Allows for a more open chest, aiding breathing. Provides better leverage and control. Comfort. Some people say it affects weight transfer. Easier to hang a bar on trees.

    5) sweep angle on bars
    What works for some doesn't for others. Personal preference really.

    6) seatpost offset
    Has a big effect on effective seat tube angle. Most offset posts are around 1" compared to a zero offset. Using the same position on the saddle rails would have your butt 1" further back using an offset compared to a zero. This matters because you need to set the relationship between saddle position (your butt) and the bottom bracket. A more forward position uses slightly different muscle balance than one further back. This affects power vs endurance, and also the bike and rider's overall weight bias.

    7) seat position on the rails (fwd vs back)
    Exactly the same as above

    8) seat angle
    Comfort, but start with flat first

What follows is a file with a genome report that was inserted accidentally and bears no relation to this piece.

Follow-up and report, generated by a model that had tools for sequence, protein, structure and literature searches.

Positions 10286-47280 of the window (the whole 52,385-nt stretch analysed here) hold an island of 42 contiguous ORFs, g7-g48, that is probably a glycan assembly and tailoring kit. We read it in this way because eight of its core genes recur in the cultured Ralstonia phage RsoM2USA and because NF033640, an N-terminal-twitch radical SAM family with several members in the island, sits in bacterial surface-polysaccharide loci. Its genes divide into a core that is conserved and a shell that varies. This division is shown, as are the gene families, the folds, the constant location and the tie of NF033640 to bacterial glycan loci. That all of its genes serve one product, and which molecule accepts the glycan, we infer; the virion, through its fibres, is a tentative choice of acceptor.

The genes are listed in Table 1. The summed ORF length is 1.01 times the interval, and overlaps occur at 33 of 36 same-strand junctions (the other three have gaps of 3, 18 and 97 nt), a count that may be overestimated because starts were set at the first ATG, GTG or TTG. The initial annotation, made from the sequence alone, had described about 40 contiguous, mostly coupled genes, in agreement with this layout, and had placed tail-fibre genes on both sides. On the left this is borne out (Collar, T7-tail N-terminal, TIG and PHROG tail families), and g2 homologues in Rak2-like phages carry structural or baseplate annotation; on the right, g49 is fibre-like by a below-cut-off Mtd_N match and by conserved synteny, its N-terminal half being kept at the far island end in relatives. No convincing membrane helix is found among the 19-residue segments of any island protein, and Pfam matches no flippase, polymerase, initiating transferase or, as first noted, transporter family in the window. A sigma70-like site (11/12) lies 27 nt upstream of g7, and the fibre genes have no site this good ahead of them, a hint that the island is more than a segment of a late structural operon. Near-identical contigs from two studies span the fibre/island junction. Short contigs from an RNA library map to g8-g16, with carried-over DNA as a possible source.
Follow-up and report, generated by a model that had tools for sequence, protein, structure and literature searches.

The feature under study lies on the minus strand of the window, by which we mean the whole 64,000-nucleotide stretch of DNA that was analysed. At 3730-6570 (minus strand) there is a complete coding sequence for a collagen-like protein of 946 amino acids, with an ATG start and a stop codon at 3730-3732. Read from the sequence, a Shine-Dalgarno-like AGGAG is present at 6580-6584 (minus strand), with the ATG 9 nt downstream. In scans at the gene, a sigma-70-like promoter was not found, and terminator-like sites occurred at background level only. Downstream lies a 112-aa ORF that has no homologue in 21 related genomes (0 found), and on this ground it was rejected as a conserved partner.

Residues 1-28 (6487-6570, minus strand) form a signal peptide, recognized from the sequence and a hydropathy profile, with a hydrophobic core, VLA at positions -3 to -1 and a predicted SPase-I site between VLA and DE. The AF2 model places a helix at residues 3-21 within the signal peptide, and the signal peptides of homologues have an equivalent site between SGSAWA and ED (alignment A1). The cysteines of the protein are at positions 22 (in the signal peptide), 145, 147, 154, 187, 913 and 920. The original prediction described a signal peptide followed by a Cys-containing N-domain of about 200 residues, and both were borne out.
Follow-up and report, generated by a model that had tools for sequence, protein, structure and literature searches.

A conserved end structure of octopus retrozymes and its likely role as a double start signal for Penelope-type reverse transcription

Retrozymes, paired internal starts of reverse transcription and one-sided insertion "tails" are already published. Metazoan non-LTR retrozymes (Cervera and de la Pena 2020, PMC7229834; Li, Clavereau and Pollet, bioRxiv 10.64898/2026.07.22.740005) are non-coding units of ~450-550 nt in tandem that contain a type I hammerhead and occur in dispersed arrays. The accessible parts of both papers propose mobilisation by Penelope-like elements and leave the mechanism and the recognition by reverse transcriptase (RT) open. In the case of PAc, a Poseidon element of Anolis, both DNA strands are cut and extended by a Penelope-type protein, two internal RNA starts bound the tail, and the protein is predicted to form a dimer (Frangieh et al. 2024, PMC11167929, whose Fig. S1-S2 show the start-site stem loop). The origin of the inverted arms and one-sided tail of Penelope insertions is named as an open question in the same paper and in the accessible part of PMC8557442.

9) anything else i didn't think of involving rider position and cockpit length/width/height
    Spacers, which affects the overall handle bar and stem height.

    Drew
    occasional cyclist

  6. #6
    mtbr member
    Reputation: codename47's Avatar
    Join Date
    Oct 2008
    Posts
    237
    I would say that there's a difference between riser bar + zero rise stem and lower riser/flat bar + angled stem. In second combination you can rotate the bar with less or no impact of the overall reach, but with firs - rotating forward will extend reach and will be equal to put longer stem.
    At mine I'm observing that when sweep of the bar is comfortable when descending it's not comfortable when climbing, so there must be compromise somewhere.

Similar Threads

  1. Tweaking an EBB...
    By PeT in forum Frame Building
    Replies: 15
    Last Post: 04-27-2010, 09:59 AM
  2. Tweaking my Fantom 29 Pro
    By fireflock in forum Motobecane
    Replies: 7
    Last Post: 10-28-2008, 09:12 AM
  3. Tweaking the Bumvee
    By MABman in forum Commuting
    Replies: 8
    Last Post: 10-24-2008, 05:02 PM
  4. Help with V Brakes tweaking.
    By Peramoure in forum Beginner's Corner
    Replies: 4
    Last Post: 07-12-2006, 07:16 AM
  5. tweaking/flattie help
    By Amazing Larry104 in forum Downhill - Freeride
    Replies: 6
    Last Post: 12-30-2005, 09:46 AM

Posting Permissions

  • You may not post new threads
  • You may not post replies
  • You may not post attachments
  • You may not edit your posts
  •